Too high to land ahead, so we wait for speed to build, then make an abbreviated circuit to land.
This lesson shows the glider well into the climb, just over half way up a full climb at this airfield. When we achieve the appropriate recovery attitude we must decide if we can land ahead. Clearly not, in this case. So, following the BGA guidelines:
The actions are the same as always. Assuming you have completed the previous lesson, let’s focus on the differences here:
Recover to the appropriate recovery attitude, while checking the airspeed.
The immediate action is to reach an appropriate recovery attitude. This we do.
Wait to regain the approach speed
We Waited, Waited, Waited.
Assess the situation
Once we push over after the launch failure, we can see we are unlikely to fit into the airfield ahead of us. We are launching into a ten knot headwind. If it were a 30kt headwind, we might make it. But we’re not, so we will turn in the pre-selected direction, per our Eventualities decision.
Plan a safe approach and landing
We are at ‘High Key’ height, but are displaced from it, so will make a smaller circuit. We are going to land, possibly on the cross runway, or we’ll make a small circuit of 360 degrees to land on the same runway we launched from. We will turn first, assess our height loss and distance from the field when we have it in sight – then make a decision about where to land.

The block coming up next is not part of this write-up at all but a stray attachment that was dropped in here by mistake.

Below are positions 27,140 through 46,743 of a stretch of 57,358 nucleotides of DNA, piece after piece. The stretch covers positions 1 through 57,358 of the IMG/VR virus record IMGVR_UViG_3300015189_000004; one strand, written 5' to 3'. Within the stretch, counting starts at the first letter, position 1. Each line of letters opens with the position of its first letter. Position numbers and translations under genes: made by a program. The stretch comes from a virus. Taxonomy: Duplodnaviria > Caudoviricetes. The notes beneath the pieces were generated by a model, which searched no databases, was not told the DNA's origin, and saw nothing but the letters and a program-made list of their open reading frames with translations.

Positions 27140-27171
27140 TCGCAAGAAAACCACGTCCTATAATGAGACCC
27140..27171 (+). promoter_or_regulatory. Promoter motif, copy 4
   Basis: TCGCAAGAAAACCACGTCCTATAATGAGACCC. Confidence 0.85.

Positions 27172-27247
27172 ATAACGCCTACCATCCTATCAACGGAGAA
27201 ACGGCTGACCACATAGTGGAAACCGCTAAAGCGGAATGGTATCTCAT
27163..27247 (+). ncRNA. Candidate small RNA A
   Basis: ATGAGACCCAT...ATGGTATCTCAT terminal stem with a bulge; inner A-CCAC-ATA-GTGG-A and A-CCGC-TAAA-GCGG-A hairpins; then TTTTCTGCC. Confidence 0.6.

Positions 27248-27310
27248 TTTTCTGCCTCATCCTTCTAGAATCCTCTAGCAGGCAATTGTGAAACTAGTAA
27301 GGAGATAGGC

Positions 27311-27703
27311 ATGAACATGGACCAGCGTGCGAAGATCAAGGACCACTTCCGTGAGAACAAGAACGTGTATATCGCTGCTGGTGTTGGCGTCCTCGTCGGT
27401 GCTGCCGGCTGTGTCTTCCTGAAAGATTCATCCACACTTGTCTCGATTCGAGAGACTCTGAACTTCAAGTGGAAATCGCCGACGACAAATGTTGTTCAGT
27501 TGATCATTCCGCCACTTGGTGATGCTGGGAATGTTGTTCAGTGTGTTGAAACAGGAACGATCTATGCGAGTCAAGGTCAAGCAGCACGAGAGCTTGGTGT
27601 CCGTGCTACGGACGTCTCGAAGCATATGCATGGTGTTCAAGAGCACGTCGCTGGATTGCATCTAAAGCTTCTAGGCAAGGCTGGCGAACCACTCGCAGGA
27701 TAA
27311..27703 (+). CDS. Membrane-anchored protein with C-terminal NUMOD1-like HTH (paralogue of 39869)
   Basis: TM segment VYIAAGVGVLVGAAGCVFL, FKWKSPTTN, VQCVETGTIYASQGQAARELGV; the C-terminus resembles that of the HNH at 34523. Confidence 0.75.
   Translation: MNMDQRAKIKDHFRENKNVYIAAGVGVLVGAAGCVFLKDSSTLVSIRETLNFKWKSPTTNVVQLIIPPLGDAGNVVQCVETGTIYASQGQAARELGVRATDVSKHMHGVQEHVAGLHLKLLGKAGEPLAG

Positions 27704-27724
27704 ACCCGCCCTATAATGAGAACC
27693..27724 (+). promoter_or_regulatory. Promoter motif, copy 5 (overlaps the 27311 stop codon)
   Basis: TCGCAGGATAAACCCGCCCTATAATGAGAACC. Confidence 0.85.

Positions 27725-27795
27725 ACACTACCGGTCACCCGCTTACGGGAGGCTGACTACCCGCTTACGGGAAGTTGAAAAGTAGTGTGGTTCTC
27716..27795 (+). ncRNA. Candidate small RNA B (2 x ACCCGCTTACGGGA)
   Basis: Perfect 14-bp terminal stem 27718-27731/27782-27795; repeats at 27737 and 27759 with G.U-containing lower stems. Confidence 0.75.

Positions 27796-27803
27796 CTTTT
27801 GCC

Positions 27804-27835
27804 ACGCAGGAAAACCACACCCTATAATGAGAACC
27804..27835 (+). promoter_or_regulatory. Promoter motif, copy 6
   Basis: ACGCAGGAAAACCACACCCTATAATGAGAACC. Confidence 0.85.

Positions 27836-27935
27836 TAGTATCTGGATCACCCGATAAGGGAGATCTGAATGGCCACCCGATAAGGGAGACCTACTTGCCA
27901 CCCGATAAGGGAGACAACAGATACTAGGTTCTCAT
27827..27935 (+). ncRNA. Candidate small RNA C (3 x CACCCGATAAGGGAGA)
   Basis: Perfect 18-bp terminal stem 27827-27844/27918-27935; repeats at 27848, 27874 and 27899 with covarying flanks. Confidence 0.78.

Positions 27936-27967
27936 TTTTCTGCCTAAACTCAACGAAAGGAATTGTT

Release the wire
Now you have a plan, release the wire, with two pulls.
Check the airspeed again
Execute the plan, and monitor airspeed.
Continue to monitor it
Airspeed is important after all.
Fly the approach and landing or a circuit variation to it
I’m sure the pilot did just that.
Scenario and Demonstration
This demonstration takes place with a ten knot headwind, at a relatively small airfield.
The video is best viewed in YouTube in Full Screen mode, to easily see the on-screen messages during the demonstration. Use view, pause and rewind as needed to grasp the content and timing of the messages displayed, then focus on the action.
Performing the Exercise
The exercise is set up so that when you Try Lesson, the launch failure can occur at any point. You may therefore want to read all these winch launch failure lessons before trying them. The process is the same every time – you just have to get into the appropriate recovery attitude, wait, achieve the recovery speed, and make and execute a plan. Simples!
Condor shows the pilot pulling the cable release in the demonstrations, whereas in fact that was the point where the winch had failed (cable break). Your first action in any winch failure is to get into the appropriate recovery attitude, and only then deal with the cable release.
Condor is generous towards gliders in ground effect – they will float for miles. Seek instruction on whether you should use airbrakes in the eventuality of a very low level break. Condor requires it, but in the real world, airbrakes must be used with enormous caution at low level.
Further Reading and References
Gliding From Passenger to Pilot, 2nd Edition: Page 102-105
BGA Instructors’ Manual, 4th Edition: Section 4, Chapter 16, Page 7-9
BGA Instructors’ Reference Cards: Ex 11c